Well, I woke up this morning to a dead computer.  Actually it was not so much dead as it was locked up (screens were dark but on, computer fan was spinning).  Or so I thought.

I tried to reboot and the system would not start up.  I got into the BIOS and everything seemed OK.

Tried to reboot again and still not able to get it started.

Everything looked like a hard drive failure – the tell tale clicking was much more audible the more I did my troubleshooting.

I checked my Windows Home Server and my main desktop had failed to back up at its normal time – another indicator that things were not right.

So I created a Restore CD from my laptop and let it boot up in the main desktop.  It took a while but it finally did and it recognized the installed C Drive.  I attempted a restore and it started but then failed due to no network connectivity. I tried twice more with no luck.

So on my way home today I picked up a 160GB hard drive to replace the one that had failed (it was 200GB in size).

It took me about 15 minutes to swap out the hard drives and then I started up the Restore CD and it seemed to load much faster than my attempts first thing this morning.

It found the Windows Home Server and asked me for my password.  So far so good.  I had to format the new disk drive as Windows Home Server did not recognize it as available for me to restore the system to. 

It took a good 40 minutes for the drive to format and then I was once again in business – or so I thought.  I still could not get the Restore CD to allow the restore process to start.

So off to the Internet and a little Googling to see if I could figure out what I was doing wrong. 

Well it turns out that Windows Home Server can not restore a system drive to a hard drive that is physically smaller than the original system drive.  I know I was only using 120GB of space on that 200GB drive so I thought it would allow the restoral.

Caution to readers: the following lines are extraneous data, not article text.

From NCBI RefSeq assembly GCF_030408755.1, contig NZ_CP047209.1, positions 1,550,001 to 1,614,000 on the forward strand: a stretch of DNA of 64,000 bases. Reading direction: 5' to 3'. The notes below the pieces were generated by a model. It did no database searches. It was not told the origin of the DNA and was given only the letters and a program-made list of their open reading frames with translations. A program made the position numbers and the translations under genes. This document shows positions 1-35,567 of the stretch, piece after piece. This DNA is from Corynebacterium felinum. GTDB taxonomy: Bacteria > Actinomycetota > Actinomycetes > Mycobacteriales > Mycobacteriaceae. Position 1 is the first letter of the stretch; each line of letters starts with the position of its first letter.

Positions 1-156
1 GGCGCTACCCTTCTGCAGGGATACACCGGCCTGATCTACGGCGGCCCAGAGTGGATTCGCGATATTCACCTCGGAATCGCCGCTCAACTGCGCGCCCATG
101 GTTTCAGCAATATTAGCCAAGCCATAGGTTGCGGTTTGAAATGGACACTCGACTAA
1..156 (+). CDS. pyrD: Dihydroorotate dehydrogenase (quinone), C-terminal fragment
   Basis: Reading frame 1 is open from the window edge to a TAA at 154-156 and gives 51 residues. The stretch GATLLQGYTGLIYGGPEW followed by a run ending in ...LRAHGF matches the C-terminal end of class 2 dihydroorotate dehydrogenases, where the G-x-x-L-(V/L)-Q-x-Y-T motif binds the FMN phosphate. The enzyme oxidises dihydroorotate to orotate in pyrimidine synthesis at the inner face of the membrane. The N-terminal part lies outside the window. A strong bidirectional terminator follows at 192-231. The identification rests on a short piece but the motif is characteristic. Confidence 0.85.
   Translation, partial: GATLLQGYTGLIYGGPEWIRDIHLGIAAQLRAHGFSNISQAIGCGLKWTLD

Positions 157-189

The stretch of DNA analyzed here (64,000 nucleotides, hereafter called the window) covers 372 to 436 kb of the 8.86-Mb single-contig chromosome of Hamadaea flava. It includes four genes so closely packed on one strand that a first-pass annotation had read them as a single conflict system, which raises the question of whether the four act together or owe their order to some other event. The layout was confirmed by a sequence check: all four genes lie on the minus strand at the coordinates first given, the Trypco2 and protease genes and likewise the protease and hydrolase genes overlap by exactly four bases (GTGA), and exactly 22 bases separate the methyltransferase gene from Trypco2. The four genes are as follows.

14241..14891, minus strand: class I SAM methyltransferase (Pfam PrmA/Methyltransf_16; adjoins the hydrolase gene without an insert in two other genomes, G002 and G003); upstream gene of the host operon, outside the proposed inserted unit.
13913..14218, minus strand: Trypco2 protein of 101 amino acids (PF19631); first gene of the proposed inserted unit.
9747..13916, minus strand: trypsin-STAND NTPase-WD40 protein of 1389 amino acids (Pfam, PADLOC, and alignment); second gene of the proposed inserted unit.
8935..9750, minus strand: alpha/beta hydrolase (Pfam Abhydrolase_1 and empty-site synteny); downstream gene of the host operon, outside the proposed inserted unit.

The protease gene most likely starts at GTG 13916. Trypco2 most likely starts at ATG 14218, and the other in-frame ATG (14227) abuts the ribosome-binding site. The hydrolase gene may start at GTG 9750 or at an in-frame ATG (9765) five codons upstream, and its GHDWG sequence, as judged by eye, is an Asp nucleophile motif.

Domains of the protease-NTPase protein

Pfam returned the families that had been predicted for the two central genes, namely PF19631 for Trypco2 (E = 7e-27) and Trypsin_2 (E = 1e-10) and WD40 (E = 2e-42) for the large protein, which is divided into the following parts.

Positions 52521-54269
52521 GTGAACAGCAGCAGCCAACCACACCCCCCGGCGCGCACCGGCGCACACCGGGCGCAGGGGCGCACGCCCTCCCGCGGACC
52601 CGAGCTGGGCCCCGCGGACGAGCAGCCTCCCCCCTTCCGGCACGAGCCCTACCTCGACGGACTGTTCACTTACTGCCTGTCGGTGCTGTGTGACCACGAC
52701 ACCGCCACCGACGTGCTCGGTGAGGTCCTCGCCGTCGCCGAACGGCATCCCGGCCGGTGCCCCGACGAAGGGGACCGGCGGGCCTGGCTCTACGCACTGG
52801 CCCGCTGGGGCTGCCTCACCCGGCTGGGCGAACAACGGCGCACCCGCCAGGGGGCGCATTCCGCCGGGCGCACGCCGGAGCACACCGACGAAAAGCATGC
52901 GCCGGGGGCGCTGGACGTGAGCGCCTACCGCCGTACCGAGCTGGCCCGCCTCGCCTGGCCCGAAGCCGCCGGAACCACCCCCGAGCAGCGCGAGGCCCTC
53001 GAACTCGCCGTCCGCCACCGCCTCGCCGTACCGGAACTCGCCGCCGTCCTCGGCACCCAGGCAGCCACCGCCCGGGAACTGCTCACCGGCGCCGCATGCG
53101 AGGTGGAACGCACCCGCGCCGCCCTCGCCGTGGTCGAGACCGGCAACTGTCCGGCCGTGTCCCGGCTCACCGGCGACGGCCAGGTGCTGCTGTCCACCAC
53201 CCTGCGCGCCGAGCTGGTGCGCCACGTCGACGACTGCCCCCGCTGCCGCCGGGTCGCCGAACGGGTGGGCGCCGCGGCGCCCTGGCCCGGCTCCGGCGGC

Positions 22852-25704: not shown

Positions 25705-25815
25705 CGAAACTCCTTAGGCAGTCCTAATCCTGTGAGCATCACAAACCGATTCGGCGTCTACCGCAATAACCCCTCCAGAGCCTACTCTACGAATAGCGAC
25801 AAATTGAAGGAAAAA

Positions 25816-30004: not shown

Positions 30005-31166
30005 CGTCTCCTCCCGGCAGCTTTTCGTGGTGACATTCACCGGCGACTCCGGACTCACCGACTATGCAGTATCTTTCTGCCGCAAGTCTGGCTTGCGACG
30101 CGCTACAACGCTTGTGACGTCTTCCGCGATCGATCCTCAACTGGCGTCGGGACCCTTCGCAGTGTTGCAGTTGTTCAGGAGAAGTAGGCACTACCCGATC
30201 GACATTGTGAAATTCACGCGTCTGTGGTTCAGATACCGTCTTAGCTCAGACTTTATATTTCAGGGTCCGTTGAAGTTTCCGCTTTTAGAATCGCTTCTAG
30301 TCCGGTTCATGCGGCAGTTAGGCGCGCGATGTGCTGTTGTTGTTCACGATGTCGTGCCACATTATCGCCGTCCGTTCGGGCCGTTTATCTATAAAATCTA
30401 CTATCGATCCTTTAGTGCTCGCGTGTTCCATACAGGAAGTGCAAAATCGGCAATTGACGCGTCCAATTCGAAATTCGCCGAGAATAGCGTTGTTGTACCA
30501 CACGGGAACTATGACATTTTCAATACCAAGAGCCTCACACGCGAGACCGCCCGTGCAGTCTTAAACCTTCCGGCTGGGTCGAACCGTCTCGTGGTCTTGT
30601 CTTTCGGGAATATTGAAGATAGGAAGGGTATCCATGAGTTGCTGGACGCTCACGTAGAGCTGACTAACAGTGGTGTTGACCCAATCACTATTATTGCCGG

Turns out that the backups are not image or file based – they are cluster based and therefore needs as many or more than on the original drive in order to do the restoral.

So at this point I am still with out my main computer, a home server with a copy of all of my files on it and a 160GB hard drive installed and primed for an Operating System.  I figured there were two choices in this situation

(1) Go out and get at least a 200GB hard drive and do the restoral process onto it and be up and running.

(2) Reinstall Windows Vista to the 160GB hard drive and then do a file based restoral of my data from the Windows Home Server to the newly installed operating system in my main desktop.

Although I want to see Windows Home Server do its thing and restore my entire hard drive (I mean I do have it tweaked in and all) I am opting for choice number (2).  Windows Vista is installing as I write this (thank goodness for my laptop) and I will then get it back up to speed.  After that I can then do a file based restoral of my data files onto the new installation and then be off and working again.

Although not the intended result I wanted (I would prefer restoring to a hard drive all at once and be up and running quickly) I am glad to have a backup of all my data files that is less than 24 hours old – three months ago I probably would have lost all of my data files.

So I give Windows Home Server passing marks at this point.